By: Mark Fitzgerald
Whatever happened to carpal tunnel syndrome? There was a time in the late 1980s and early ’90s when carpal tunnel syndrome (CTS) and other musculoskeletal disorders (MSDs) haunted newsrooms and executive suites alike with the specter of longtime copy editors succumbing to lifelong crippling pain, or reporters ? their arms wrapped as they recovered from uncertain surgeries ? struggling against deadlines with the era’s sluggish voice-recognition software. In the conventional wisdom of the time, the computer keyboard and mouse that had revolutionized newsroom workflow insidiously threatened to strangle productivity one tingling hand at a time.
Reporting in 1991 on what was billed as the newspaper industry’s first conference devoted solely to the problem of MSDs ? then called RSI, or repetitive strain injury ? an E&P article warned of growing legal and medical liabilities for newspapers. Worse, the story added, there was no known cure for RSI.
And then, just as suddenly, all the furor over carpal tunnel syndrome and other MSDs went silent. Nowadays, the Newspaper Association of America no longer monitors MSDs in newsrooms. On the union side, the Newspaper Guild’s national expert on MSDs retired years ago and was never replaced. Even the federal government’s workplace health research arm, the National Institute for Occupational Safety and Health (NIOSH), has stopped tracking CTS, a spokesman says: “The last stuff we have (on CTS) dates back to that era, the 1980s and the 1990s.”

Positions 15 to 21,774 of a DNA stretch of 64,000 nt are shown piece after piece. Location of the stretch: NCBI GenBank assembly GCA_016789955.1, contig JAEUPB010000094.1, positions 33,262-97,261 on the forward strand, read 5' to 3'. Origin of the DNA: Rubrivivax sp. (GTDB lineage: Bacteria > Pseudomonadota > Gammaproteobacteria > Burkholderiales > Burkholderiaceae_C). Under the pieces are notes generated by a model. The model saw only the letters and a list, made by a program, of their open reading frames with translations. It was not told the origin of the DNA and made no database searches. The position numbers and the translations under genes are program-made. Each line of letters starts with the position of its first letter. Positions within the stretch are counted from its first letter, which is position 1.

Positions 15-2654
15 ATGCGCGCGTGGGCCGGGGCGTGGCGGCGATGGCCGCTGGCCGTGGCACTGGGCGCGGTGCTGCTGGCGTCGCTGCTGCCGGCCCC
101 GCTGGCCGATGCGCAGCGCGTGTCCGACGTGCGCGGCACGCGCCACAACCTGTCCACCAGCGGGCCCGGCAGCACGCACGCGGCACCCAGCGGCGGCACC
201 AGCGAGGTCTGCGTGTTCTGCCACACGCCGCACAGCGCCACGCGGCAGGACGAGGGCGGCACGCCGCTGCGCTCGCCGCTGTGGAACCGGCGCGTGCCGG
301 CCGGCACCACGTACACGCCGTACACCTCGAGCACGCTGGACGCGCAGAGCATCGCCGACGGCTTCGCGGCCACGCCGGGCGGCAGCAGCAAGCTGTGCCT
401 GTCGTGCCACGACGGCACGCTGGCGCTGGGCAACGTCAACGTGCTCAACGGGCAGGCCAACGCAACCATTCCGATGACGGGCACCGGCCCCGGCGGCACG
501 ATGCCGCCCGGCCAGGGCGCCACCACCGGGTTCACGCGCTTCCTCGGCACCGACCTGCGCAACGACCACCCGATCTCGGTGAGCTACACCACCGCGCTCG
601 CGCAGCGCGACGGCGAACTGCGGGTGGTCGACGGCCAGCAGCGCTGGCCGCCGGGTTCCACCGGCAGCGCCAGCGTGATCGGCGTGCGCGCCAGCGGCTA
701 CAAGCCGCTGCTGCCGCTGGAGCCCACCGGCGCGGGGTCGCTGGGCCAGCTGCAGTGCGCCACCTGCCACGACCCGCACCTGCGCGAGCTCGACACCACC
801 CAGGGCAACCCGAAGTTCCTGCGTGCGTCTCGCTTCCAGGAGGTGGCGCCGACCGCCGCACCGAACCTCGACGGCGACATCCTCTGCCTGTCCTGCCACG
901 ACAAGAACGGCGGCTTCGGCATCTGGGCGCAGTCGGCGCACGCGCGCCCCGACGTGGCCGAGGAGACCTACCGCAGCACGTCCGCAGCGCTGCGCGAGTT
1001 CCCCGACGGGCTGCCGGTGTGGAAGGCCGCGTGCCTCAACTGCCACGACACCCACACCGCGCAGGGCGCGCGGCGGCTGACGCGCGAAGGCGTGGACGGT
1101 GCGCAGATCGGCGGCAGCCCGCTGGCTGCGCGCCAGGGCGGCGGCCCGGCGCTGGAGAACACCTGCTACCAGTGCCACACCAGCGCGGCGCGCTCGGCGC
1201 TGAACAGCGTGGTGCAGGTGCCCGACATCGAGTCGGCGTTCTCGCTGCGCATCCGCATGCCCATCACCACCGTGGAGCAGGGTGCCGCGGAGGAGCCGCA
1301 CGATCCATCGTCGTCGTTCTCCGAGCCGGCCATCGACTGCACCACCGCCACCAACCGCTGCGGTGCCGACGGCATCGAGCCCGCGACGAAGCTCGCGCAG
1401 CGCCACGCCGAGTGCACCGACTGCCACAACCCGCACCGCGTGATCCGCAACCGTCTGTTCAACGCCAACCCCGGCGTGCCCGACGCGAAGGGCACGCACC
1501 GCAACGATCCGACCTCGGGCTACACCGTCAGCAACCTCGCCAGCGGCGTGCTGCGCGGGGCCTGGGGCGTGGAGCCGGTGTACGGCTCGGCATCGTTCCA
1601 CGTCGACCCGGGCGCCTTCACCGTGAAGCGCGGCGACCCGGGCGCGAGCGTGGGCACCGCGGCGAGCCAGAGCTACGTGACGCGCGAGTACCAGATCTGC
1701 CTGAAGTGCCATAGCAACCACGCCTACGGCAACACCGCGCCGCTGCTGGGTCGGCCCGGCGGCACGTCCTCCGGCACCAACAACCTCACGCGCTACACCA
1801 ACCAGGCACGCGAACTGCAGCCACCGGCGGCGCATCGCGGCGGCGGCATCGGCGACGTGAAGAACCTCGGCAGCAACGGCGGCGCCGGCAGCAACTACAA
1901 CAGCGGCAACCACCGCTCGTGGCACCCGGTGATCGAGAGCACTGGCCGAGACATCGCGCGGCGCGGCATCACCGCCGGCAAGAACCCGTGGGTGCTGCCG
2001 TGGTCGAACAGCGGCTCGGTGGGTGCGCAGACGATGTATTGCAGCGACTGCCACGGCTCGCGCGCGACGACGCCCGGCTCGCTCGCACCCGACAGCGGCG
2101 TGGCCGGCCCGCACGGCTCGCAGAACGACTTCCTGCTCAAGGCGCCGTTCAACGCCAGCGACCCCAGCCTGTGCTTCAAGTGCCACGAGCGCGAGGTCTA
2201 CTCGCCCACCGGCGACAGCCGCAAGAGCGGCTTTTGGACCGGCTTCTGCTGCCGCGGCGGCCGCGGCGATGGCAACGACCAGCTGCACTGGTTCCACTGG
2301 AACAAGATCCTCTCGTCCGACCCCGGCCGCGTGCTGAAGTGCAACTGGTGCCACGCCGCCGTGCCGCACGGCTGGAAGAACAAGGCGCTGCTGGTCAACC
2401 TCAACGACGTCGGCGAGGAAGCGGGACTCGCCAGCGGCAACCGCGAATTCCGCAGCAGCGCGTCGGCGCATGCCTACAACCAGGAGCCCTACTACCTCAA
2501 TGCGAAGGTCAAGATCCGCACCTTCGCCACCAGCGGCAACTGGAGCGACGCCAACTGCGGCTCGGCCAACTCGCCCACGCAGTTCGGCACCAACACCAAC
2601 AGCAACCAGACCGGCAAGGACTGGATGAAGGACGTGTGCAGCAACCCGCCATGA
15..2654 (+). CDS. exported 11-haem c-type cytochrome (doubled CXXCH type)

So what happened? To many newspaper chains, what happened was a not quite complete victory of ergonomics over the disorders, a kind of elimination of polio without the March of Dimes. But the top safety and health official for the Communications Workers of America says the newsroom problems are continuing ? what’s changed is the politics of the current White House, which has succeeded in hiding the issue by killing federal workplace ergonomic standards.
Adding to the confusion, many respected orthopedic physicians now argue that CTS was never the threat it appeared to be ? and that, more likely than not, long hours at the copy desk don’t cause MSDs, but only aggravate a condition that developed irrespective of someone’s occupation.
“Newspaper people have stopped obsessing on carpal tunnel syndrome? Good,” says Dr. Leon Benson, an orthopedic surgeon who is an associate professor at Northwestern University’s medical school. Benson says the frenzy started for reasons that aren’t clear, and stopped when physicians realized, first, that MSDs may be something more like a disease such as diabetes than a result of workplace stress, and second, that they can be treated successfully. “The average person I see in my practice is usually a 38-year-old woman with two kids,” Dr. Benson says. “It’s not someone who’s typing on a keyboard all day.”
Though no one’s keeping reliable statistics anymore, the anecdotal evidence is clear that CTS is abating, newspapers say.